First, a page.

Today's statement in the House of Commons marked George Osborne's eighth budget in just under six years as Chancellor. Whilst there were many eye-catching policies such as a tax on sugary drinks and reforms to ISAs, they could not distract from some major revisions to UK economic growth. The Office for Budget Responsibility cut their forecast of UK GDP growth in 2016/17 to 2%, down from 2.4% outlined last November. GDP forecasts are cut further by an average of 0.3% out to 2020, putting significant strain on the Chancellors commitments on the public finances.

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Permanent link | Categories: Government SpendingMacroeconomicsNorthern Ireland Taxation

Nothing comes from nothing: the case of health

Posted on December 06, 2015 by Tom Healy

Tom Healy, Director NERI - Tom Healy, Director NERI
Tom Healy, Director NERI

Health is better than gold or ‘is fearr an tsláinte ná an t-ór’ as the saying goes in Irish. Economists and statisticians tend to think of health as a cost as well as a sphere of activity involving consumption of resources in the present time. Health, however, has two dimensions: (i) It is a state of well-being for which all strive because it concerns body and mind and goes beyond narrow notions of ‘satisfaction’ or ‘utility’; and (ii) It involves work, behaviour, caring, time and money which enables people to be healthy not just this year but for years to come (hence it is an investment activity as well as a consumption activity).

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Permanent link | Categories: Government SpendingNorthern Ireland Taxation

Why Northern Ireland needs a real fresh economic start

Posted on November 18, 2015 by Tom Healy

Tom Healy, Director NERI - Tom Healy, Director NERI
Tom Healy, Director NERI

While economic recovery is evident in both jurisdictions there has been a worrying acceleration in job losses in Northern Ireland with some very significant losses expected in JTI Galagher and Michelin Tyres, both in Ballymena as well as 100 job losses in the US Engineering company, Caterpillar.  Reflecting trends elsewhere in the retail sector, Dunnes Stores have announced a closure of part of a store in Belfast. In recent weeks, Bombardier has announced 20% cost reductions next year which will have significant implications for staff including agency workers employed by them. HM Revenue and Customs have announced office closures in Craigavon, Derry, Enniskillen, Lisburn and Newry while services will be centralised in one of its Belfast offices.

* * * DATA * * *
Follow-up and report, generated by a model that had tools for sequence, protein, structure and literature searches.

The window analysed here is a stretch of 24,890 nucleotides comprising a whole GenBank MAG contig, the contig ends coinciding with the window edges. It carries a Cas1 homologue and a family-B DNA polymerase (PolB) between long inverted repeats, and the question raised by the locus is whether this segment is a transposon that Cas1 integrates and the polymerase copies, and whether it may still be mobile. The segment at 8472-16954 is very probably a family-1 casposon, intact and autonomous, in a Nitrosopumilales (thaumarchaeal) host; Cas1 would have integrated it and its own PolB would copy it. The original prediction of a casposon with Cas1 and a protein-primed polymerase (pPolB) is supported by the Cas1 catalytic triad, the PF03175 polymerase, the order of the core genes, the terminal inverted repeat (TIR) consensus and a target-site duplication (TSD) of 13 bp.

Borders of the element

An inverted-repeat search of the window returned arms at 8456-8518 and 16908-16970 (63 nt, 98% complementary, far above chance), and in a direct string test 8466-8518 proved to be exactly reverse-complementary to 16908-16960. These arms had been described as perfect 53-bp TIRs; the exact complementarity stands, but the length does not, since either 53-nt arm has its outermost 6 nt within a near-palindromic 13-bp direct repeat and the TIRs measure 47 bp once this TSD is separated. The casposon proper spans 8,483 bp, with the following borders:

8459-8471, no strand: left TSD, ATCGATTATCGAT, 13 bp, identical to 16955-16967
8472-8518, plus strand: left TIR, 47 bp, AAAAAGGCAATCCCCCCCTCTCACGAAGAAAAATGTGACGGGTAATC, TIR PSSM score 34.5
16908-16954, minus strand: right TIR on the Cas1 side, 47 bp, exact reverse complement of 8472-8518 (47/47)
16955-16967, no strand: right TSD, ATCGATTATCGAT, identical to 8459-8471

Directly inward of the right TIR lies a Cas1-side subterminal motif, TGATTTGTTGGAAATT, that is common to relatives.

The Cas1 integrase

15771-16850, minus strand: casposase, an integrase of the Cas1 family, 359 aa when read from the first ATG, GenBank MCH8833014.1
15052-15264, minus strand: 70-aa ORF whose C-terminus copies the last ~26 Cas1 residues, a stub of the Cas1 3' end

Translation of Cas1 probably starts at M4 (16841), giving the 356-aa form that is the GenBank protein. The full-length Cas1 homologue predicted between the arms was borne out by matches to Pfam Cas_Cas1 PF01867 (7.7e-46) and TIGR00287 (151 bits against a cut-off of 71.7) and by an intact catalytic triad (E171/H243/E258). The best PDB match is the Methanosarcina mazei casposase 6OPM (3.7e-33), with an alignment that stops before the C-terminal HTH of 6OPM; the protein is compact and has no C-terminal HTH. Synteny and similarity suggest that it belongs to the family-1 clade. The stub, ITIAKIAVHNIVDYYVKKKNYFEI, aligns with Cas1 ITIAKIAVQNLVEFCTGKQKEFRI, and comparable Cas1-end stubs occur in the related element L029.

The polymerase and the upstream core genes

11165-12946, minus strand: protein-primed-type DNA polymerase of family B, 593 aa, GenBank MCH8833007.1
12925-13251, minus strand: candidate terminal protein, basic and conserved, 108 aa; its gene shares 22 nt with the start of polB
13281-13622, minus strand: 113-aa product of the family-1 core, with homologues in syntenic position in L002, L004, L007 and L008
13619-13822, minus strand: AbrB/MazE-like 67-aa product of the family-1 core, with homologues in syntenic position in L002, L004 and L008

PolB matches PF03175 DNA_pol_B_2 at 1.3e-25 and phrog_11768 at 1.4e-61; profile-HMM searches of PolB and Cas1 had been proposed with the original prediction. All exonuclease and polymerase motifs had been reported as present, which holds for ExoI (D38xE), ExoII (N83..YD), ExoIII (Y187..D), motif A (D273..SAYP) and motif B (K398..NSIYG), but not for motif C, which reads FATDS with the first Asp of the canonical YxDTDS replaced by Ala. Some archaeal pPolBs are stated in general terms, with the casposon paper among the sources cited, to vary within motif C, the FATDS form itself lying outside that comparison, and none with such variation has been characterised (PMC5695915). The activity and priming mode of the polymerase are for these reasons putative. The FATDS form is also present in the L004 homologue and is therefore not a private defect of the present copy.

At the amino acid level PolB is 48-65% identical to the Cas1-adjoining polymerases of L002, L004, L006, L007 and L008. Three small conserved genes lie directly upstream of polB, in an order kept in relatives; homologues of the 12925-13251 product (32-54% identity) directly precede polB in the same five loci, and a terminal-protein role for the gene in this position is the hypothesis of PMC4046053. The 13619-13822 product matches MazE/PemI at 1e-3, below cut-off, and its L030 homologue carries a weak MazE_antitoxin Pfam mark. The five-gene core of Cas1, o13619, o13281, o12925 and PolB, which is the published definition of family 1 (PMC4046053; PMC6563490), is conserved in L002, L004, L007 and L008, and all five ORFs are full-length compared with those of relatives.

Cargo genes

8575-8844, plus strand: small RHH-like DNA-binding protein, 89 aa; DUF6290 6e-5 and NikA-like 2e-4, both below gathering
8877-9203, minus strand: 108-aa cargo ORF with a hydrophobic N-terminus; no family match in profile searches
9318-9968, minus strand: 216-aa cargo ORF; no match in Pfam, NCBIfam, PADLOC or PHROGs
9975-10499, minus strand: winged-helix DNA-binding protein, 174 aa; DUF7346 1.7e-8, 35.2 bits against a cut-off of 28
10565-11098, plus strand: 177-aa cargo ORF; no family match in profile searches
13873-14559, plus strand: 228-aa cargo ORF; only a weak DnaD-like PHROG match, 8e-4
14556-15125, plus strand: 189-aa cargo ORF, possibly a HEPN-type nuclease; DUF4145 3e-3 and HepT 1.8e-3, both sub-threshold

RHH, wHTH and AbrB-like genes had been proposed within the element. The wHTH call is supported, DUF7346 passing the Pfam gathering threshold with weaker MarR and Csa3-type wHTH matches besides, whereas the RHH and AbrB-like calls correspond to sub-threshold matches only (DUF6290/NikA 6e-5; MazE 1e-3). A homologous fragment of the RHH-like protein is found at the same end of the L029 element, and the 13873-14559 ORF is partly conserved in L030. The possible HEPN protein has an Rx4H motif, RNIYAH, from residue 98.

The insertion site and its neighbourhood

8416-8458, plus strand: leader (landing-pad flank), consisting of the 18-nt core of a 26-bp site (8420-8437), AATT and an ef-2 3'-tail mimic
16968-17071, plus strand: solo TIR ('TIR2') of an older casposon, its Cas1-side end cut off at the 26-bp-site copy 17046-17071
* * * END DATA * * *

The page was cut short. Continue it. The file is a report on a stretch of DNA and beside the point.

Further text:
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Permanent link | Categories: Northern Ireland Taxation

The fiscal implications of Irish unity

Posted on November 06, 2015 by Tom Healy

Tom Healy, Director NERI - Tom Healy, Director NERI
Tom Healy, Director NERI

For a long time Irish history was marked by a surprising degree of consensus in favour of a united Ireland – whether as a united and politically independent island or as part of the United Kingdom.  Since 1922, there has been a marked lack of consensus about where Northern Ireland’s future lies. Partition reflects that lack of consensus. Economists are seriously at a disadvantage if they ignore the pervasive and enduring significance of national sentiment and identity.  The death of the nation state has been exaggerated notwithstanding the undeniable triumph of global capitalism and increasing irrelevance of borders to the flow of trade, ideas and persons. In a way, the failure of the European Union – to date – to build a strong political governance among its member states reflects the lack of an overarching ‘national story’ that would bind together disparate languages, cultures and peoples (such as happened in the great melting pot of the USA).

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Permanent link | Categories: Northern Ireland

Sustainable pensions in Northern Ireland

Posted on November 02, 2015 by Tom Healy

Tom Healy, Director NERI - Tom Healy, Director NERI
Tom Healy, Director NERI

In a previous Monday Blog I discussed some issues in relation to ageing population and future pension provision in the Republic of Ireland (Living Long and Living Well?). This Blog focuses on Northern Ireland where many of the same patterns, concerns and long-term questions arise.

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Permanent link | Categories: Living wageNorthern Ireland